Kanu o ka Aina graduates take wing

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WAIMEA — Polani Kahakalau and Luana Zablan, two alumna of Kanu of ka Aina New Century Public Charter School, are 2017 graduates of UH-Hilo. The seeds of learning and wisdom planted several years ago continue to help young Hawaiians grow into contributing community members through the study and perpetuation of Hawaiian culture.

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WAIMEA — Polani Kahakalau and Luana Zablan, two alumna of Kanu of ka Aina New Century Public Charter School, are 2017 graduates of UH-Hilo. The seeds of learning and wisdom planted several years ago continue to help young Hawaiians grow into contributing community members through the study and perpetuation of Hawaiian culture.

The two graduates received their educational foundations at KANU and are the fruits of early efforts to create an educational system that answers the needs of indigenous children.

“KANU helps students recognize their gifts and talents, and explore them throughout their 13-year journey so after graduation they can pursue their passions as a way of life,” said founder Dr. Ku Kahakalau.

When she started teaching Hawaiian studies at Honokaa High School, Dr. Kahakalau noticed students were earning A’s in her class and struggling in their other classes.

“I realized that students need more than one class where they can work up to their potential,” she said.

As the focus of her subsequent doctoral studies, Dr. Kahakalau and her husband, Nalei, created Kano o ka Aina Academy, a school within a school at Honokaa High School.

Then in 1999, through the efforts of the Kahakalau’s and many other community members and organizations, funding was obtained to begin Kanu o ka Aina New Century Public Charter School.

“We believed that as Hawaiians we should design our own educational system,” she said. “Hawaiian children have a lot more capacity and potential than people give them credit for. KANU was designed for students to explore their gifts and talents, and become contributing members of the community.”

Graduates Polani Kahakalau and Luana Zablan are shining examples of this educational wisdom.

Polani was part of the first group of students who attended KANU from kindergarten through high school. Her passions are hula and performing arts, and on May 13 she graduated from UH-Hilo with honors and a bachelor’s degree in performing arts.

“KANU definitely helped me get to where I am. With KANU we’re always reminded who we are and where we come from, and I’ve been blessed to have wonderful parents that really, really encourage education,” said Polani.

At the heart of KANU is education with aloha.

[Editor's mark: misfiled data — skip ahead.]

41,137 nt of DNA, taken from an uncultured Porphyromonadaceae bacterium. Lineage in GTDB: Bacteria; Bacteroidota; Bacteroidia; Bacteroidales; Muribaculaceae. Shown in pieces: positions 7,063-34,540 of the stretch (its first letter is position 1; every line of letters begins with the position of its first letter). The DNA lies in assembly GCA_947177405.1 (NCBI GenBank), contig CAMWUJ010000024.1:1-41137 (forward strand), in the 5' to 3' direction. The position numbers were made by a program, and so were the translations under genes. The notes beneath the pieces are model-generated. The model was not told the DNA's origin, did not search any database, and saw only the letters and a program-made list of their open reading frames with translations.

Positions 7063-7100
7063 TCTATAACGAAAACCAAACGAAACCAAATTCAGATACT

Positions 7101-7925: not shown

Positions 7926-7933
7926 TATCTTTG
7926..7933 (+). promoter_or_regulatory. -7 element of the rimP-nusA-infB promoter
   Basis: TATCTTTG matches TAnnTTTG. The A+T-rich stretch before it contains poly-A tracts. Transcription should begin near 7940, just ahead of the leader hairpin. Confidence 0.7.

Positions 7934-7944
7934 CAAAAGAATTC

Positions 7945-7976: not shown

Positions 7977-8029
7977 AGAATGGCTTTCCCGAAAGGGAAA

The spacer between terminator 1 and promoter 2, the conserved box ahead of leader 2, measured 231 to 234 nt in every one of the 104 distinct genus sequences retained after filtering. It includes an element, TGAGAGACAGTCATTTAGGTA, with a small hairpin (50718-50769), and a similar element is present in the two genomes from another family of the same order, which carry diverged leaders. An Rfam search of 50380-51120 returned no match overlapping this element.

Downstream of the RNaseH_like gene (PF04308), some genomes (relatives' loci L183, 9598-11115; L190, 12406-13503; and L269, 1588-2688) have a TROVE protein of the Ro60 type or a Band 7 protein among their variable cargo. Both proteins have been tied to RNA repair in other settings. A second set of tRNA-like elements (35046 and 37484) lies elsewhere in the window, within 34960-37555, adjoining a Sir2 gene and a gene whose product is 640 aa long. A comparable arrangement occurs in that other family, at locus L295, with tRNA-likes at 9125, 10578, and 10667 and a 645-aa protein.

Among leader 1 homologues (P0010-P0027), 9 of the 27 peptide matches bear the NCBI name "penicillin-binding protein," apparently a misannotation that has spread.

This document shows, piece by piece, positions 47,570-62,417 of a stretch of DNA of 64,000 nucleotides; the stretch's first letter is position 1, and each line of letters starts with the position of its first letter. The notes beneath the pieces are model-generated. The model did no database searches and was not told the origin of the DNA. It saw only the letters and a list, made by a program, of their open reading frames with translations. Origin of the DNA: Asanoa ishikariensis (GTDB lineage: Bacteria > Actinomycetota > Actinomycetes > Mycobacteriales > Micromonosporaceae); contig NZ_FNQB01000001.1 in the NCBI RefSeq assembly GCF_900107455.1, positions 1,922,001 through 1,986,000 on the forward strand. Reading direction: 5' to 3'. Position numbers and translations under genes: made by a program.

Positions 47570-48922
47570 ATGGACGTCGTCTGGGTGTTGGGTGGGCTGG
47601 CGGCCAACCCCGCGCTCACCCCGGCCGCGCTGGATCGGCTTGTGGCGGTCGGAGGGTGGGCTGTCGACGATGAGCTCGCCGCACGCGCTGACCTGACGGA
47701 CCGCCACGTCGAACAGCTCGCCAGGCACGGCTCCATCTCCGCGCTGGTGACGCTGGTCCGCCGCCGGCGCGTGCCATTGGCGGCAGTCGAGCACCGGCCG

“The teachers genuinely care about their students. They ask how you’re doing and make suggestions. They really get to know the students, and show us how to care for one another, to love and show empathy. I’m able to do things I thought I could never do,” she said.

This year, Polani created a hula drama for her 20 K-8 after-school hula students at Paauilo School, which was performed at the Paauilo Hongwanji.

“We were taught at KANU what our ancestors did. They would learn and from this knowledge, they would pass it on to the next generation,” she said.

Back at the beginning, Dr. Kahakalau saw the brilliancy in her Hawaiian students and predicted that they could build on the successes they had in Hawaiian studies to excel in other subjects.

“It’s created a stability within my life and made me be more open-minded. Being raised in the Hawaiian culture has created a wonderful foundation of being accepted, and being understanding of others and things taught to me,” said Polani.

In the fall, she plans to begin a master’s degree in organizational leadership at Argosy University, and has a long-range goal to open a culturally-focused theater company to educate people around the world about Hawaii’s culture, language and history.

“I have these beautiful two platforms (parents and KANU) back at home. I want to make them proud and make my community proud,” said Polani.

Similarly, Zablan’s KANU education has provided a solid foundation that has launched her out into the world. She graduated magna cum laude with a bachelor of arts in fine art. Among her many art accolades is the selection of her art for the cover of the spring 2015 issue of Hohonu, UH-Hilo’s journal of academic writing.

Upon graduation from KANU, Zablan was the first student there to receive the Dorrance Foundation Scholarship that enabled her to travel across the U.S. and to several European countries including Budapest, Hungary, working with Habitat for Humanity building and renovating small apartments. Zablan also visited the East Coast of the U.S. and participated in an entrepreneurship class in Tucson, Arizona.

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In 2015, she received the Audrey S. Furukawa Study Abroad Scholarship which enabled her to attend the Anglo-American University in the Czech Republic for a semester. After graduation, Zablan accepted a paid position with the Dorrance Program, and in the fall will be working as a study abroad mentor in Orvieto, Italy. She also plans to pursue a master’s degree in drawing and painting at UH-Manoa.

Zablan’s words of advice are, “Learn from the past, be active in the present and prepare for the future. Take it upon yourself to strive for excellence, focus on opportunities and give back to your communities.”

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